Read the full op-ed by David Bond (The Guardian)

“This week the EPA announced a new roadmap to research, restrict, and remediate PFAS – a group of industrial ‘forever chemicals’ that have been linked to cancer and are found in our food, water, and even our blood. President Biden is requesting $10bn in the infrastructure bill to address PFAS. But this new attention still falls short of what’s required to confront an unprecedented crisis that affects the health of the entire United States and countless people across the world.

Today, toxic per- and polyfluoroalkyl substances (PFAS) are everywhere we’ve thought to look for them. As engineered, these synthetic chemicals glide through air and water with ease, evade all natural processes of decay, and inflict debilitating injuries even at exceedingly low levels of exposure. The petrochemical industry has its fingerprints all over the ubiquity of PFAS, yet that very ubiquity is now being used as an excuse against doing anything about it. PFAS are becoming too toxic to fail.

The EPA’s hyped national PFAS testing strategy bemoans how ‘impossible’ it is for the EPA ‘to expeditiously understand, let alone address, the risks these substances may pose to human health and the environment.’ Overwhelmed by rampant PFAS contamination, the EPA is asking the petrochemical industry to study these chemicals one by one in the hopes of eventually building enough data to regulate them. Yes, one by one. The timeline proposed will take another century (or two) to make its way through the entire family of PFAS, which now number in the thousands.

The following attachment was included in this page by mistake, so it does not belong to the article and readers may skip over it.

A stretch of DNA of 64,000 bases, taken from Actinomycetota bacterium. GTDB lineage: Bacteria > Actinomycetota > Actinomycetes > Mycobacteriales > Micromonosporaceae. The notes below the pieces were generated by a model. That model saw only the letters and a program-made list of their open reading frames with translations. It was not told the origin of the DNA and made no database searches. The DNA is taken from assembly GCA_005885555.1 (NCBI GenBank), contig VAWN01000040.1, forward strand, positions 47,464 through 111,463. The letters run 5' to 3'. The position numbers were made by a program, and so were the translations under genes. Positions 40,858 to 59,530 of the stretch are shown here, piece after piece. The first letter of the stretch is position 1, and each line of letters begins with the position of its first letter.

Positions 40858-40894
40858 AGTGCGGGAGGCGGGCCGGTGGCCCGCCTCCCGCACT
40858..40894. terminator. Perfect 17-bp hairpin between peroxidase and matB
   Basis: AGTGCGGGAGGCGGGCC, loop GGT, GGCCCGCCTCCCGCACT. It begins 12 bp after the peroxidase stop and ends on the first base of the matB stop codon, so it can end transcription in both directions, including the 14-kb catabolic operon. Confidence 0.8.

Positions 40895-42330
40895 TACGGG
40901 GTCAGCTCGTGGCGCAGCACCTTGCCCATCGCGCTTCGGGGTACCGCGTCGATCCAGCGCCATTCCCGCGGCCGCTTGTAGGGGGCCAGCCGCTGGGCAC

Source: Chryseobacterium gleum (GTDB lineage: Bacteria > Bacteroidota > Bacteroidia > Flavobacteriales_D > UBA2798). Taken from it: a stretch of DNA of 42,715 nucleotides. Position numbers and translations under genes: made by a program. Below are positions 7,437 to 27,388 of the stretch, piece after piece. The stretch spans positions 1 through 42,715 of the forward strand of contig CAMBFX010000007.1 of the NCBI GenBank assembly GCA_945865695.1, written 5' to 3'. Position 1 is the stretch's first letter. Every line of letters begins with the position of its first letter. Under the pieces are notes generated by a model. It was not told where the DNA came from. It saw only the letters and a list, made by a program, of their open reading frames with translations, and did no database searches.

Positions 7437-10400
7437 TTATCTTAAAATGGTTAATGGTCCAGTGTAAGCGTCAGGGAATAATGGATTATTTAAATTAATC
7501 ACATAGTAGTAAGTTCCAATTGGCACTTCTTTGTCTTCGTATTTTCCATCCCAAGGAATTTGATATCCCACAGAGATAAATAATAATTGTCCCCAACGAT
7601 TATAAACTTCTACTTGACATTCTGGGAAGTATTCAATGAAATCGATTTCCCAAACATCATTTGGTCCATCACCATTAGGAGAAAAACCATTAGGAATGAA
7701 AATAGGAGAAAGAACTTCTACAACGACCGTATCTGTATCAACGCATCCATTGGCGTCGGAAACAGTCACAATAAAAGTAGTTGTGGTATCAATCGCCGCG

The manifold ways that PFAS makes a mockery of our regulation of toxins cannot be the end of our ability to prosecute petrochemical malfeasance. Rather, this should be the start to fixing everything that went wrong.

The companies behind PFAS knew about its toxicity for decades, but that knowledge was hidden in corporate archives and subject to shamefully lax government oversight.

When 3M and DuPont learned about alarming patterns of birth defects and cancers in their own workers at PFAS plants in the 1970s and 1980s, both companies smothered the evidence. In the 1970s, the navy and air force looked the other way when they found PFAS migrating off their bases and into nearby communities. By the 1990s, 3M and DuPont both realized that their PFAS operations were polluting municipal drinking water at levels they considered harmful. As revealed by investigative reporting and dramatized in the 2019 film Dark Waters, corporate executives helped destroy the evidence while giving false assurances to residents and regulators alike.”…